City Council: marijuana
Marijuana came up again at the Fresno City Council on Thursday (August 3). And the council debated the particulars to bring rules on personal cultivation on par with state law. The final decision after a 45-minute debate was “to be continued.”
California voters passed Prop 64 last November. Among the provisions, one was allowing residents to grow at least six plants indoors for personal use. Other particulars on the regulation of growing would be up for cities to decide (by January 1, 2018).
Councilman Dr. Garry Bredefeld, with the support of Mayor Lee Brand, proposed changing city ordinances, which previously banned any indoor growth, to the minimum six plants. There was also a limitation of wattage allowed for lights (1200 watts). In June, council approved by a 4-3 vote.
Bredefeld said that the wattage limitation was to prevent fires. Then he argued, perhaps snidely, “I don’t know how you can vote against that, unless you are welcoming fires.” Council President Clint Olivier immediately responded that he condemned fires and still opposed any regulations.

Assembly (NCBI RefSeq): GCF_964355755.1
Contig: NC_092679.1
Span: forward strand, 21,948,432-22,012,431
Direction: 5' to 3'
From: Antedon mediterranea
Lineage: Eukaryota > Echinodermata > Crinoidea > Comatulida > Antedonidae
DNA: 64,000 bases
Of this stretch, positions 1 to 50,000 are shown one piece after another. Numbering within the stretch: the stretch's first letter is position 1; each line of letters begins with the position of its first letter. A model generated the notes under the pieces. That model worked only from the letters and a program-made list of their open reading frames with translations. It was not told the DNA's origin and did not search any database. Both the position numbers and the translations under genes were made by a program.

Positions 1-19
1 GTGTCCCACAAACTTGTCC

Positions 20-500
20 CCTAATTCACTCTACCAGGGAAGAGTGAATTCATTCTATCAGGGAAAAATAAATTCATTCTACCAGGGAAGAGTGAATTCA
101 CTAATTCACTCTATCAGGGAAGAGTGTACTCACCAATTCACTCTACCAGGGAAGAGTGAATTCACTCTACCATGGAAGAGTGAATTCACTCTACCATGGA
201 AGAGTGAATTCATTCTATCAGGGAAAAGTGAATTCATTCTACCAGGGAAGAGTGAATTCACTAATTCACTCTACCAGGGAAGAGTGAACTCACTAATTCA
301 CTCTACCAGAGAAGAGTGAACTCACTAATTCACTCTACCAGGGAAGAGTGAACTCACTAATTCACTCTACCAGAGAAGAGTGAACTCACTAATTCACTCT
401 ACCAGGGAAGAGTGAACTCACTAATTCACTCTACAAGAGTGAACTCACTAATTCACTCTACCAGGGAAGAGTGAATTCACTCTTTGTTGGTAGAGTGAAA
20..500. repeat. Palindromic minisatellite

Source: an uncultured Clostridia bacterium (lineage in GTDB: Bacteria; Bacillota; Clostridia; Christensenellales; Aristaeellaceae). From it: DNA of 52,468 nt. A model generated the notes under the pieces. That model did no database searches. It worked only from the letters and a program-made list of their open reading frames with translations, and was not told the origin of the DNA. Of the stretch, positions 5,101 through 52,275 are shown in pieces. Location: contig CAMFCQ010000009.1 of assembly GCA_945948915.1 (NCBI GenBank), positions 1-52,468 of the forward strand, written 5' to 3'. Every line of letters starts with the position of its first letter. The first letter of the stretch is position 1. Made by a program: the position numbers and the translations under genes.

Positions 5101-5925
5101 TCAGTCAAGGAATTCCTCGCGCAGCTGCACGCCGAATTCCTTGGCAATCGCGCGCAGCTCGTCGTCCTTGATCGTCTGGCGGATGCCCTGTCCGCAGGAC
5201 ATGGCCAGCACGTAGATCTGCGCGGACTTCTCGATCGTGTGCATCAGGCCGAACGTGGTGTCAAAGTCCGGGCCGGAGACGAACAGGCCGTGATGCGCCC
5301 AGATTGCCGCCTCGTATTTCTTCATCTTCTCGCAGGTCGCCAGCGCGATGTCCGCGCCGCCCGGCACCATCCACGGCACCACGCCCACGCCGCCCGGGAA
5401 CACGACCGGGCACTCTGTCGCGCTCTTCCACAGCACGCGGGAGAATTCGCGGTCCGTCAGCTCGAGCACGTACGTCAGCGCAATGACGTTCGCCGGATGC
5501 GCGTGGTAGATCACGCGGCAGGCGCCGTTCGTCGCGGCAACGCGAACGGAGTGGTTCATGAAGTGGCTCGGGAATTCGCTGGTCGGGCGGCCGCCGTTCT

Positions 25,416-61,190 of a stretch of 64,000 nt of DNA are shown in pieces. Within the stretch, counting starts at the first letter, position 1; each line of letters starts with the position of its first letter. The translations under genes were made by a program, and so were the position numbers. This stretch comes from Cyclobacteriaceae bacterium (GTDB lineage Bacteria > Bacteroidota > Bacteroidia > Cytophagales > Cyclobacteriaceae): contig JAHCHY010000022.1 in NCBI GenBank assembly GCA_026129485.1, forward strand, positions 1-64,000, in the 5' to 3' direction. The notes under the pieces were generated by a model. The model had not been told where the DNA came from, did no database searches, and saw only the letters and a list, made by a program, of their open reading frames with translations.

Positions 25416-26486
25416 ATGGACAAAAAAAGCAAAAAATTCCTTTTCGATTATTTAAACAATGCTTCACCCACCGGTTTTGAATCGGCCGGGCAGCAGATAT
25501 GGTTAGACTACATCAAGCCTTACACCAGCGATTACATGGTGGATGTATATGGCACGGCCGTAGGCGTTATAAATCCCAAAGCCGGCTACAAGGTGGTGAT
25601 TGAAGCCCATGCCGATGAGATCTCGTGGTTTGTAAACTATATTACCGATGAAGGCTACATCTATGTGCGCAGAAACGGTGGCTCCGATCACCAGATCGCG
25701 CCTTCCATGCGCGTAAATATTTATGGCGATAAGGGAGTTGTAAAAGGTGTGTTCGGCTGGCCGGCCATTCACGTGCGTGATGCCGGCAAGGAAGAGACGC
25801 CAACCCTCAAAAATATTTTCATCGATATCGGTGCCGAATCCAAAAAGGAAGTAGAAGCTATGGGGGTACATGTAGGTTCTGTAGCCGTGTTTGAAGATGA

Per council rules, a second vote was needed. On July 20, with Councilman Paul Caprioglio absent, the second vote resulted in a 3-3 tie, thus the ordnance could not move forward. Bredefeld vowed to bring it back, which happened at today’s meeting. (The prior vote failure resulted in a Twitter battle between Bredefeld and Olivier).
However, Caprioglio was absent again. Even though the agenda said he may call in from Montana to vote, the phone never rang. Knowing this, Bredefeld moved forward with the vote anyway. In addition to Caprioglio gone, Councilman Oliver Baines (who voted against the cultivation regulations in June) was absent as well.